It was a busy week in our classroom!
We are still reviewing routines, but things have fallen into place... well, okay, I'll admit: Some days it seems things are falling elsewhere!
We are doing word sorts in "Word Study." Our District doesn't have a formal spelling program, so we do Sorts and I try to differentiate. Some kids were responsible for learning meanings of new words (as part of Daily 5 work) as well.
So many "big kids" today don't have a strong grasp of phonics. And don't get me started on their spelling! It was pretty funny to see them concentrating so hard, murmuring "ch, ch, ch" and "zsh, zsh, zsf." Maybe next week "shure" and "mesher" will look closer to the original! I've attached the sort in case you have the same problem!
In Language Arts, we are working on interacting with the text, so we annotated different excerpts and asked questions of the author. I tried a "game" called "Say Something." Students walk around with their texts, and each time I ring the chimes, they stop and discuss their questions about the text with the person standing closest to them. We also started a Read Aloud. It's an "oldie-but-goodie" called Heads, I Win by Patricia Hermes. It touches on respecting differences (socioeconomic ones, in particular). Kids love the author's sense of humor (which can be a little over the top, so I have to censor occasionally). It's great to see something that holds the attention of 34 kiddos for longer than 2 minutes!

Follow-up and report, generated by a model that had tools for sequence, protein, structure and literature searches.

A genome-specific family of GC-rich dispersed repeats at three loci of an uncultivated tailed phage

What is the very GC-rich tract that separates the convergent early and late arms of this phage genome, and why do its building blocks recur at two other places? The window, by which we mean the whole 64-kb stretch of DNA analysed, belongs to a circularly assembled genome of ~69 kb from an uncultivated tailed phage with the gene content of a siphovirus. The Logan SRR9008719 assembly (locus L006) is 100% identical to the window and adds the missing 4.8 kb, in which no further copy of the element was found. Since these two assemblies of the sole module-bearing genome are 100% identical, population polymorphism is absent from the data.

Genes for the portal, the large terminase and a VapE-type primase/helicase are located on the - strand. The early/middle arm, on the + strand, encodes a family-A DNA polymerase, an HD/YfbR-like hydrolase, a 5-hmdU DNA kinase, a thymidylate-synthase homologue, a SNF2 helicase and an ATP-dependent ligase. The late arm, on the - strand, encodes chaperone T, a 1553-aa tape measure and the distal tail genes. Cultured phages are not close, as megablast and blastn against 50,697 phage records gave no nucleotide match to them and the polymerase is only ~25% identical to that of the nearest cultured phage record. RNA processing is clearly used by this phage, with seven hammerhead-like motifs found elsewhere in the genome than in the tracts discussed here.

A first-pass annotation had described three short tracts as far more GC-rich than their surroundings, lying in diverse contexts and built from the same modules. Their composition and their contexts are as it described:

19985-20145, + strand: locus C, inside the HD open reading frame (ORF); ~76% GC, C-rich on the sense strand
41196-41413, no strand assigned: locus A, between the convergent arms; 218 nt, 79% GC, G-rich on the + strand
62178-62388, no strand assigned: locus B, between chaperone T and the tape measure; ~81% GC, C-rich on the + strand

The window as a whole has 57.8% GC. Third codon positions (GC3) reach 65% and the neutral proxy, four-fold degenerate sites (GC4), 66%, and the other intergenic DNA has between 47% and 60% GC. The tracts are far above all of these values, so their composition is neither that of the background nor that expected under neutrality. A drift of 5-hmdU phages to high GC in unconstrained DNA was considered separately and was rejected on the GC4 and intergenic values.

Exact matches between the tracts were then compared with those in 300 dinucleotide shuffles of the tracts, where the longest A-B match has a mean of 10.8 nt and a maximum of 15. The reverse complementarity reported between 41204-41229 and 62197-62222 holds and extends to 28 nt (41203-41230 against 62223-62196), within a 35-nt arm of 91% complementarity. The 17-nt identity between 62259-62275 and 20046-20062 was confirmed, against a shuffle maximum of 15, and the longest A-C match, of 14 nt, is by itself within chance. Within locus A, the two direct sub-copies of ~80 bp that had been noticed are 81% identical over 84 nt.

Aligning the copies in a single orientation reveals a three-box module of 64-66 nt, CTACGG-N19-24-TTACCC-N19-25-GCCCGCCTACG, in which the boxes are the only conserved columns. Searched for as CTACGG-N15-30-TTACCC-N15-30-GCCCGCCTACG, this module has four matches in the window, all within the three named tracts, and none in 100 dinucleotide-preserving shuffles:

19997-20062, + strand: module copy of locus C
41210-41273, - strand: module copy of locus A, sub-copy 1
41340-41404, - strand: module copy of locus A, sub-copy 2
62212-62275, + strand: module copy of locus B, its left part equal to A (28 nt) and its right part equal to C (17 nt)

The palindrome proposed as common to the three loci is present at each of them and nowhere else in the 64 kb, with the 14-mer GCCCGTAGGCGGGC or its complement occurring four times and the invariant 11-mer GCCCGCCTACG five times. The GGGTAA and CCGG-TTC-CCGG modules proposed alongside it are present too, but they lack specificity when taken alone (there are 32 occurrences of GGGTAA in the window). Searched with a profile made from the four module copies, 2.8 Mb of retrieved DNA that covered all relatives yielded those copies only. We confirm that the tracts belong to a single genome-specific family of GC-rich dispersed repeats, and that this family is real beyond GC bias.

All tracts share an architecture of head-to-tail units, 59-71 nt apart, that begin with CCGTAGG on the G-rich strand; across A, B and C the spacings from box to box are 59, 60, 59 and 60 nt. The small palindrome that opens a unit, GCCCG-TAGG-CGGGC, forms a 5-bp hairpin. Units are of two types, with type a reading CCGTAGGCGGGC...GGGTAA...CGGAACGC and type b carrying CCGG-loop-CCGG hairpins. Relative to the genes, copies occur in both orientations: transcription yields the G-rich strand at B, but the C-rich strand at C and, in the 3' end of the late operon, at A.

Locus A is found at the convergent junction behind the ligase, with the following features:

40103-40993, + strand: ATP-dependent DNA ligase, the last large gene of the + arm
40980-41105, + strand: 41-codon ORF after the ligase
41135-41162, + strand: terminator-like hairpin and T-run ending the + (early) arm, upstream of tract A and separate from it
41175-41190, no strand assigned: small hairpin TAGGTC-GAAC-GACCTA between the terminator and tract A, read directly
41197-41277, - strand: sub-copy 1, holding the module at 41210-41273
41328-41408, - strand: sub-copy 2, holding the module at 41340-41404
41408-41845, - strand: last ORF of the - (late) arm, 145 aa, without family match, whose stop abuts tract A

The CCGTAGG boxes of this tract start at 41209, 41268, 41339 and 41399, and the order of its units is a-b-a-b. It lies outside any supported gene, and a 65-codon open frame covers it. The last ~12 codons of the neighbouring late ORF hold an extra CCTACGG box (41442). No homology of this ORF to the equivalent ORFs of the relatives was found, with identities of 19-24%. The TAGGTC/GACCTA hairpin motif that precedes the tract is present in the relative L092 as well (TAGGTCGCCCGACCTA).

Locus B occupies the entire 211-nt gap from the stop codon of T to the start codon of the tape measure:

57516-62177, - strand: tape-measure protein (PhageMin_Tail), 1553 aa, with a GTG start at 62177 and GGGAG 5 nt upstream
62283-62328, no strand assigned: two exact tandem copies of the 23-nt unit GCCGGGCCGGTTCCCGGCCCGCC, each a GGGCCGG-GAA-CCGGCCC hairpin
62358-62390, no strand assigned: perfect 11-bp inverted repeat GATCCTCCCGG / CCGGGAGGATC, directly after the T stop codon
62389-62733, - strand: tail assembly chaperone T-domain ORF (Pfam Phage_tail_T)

We're still working on linking decimal quantities to fractions. Using the colored dot dice I mentioned in a previous post, we play one of several variations of a game called ZAP. The object is to get one whole frame filled with tenths and hundredths before you roll a ZAP. You need to exchange (1 tenth for 10 hundredths) as you accumulate pieces--and sometimes break them apart when you need to subtract. It was loud, but fun, and some of my strugglers are beginning to catch on.
We are working on geography before we study ancient civilizations in social studies. It was AMAZING to me that very few kids could name the continents and oceans--and that Orlando, Texas, and China had apparently been designated, without my knowledge, to continent status!. Here's the song I taught them to try to cement these details in their brains. It may be primary (great for second or third grade), but we'll call it review and move on!
We also started Literature Response Logs this week. Each week, the students write a letter to me in their Response Notebook (AKA spiral!) about their reading. It works out to 8 or 9 kids each day) and I write a few notes back. I can already tell I will be a maniac trying not to fall behind on this one, but some of them were really excited about writing letters. I guess that just proves you never know what will catch their interest!
I'm looking forward to a new week of learning together...
Here's the link back to the Linky Party..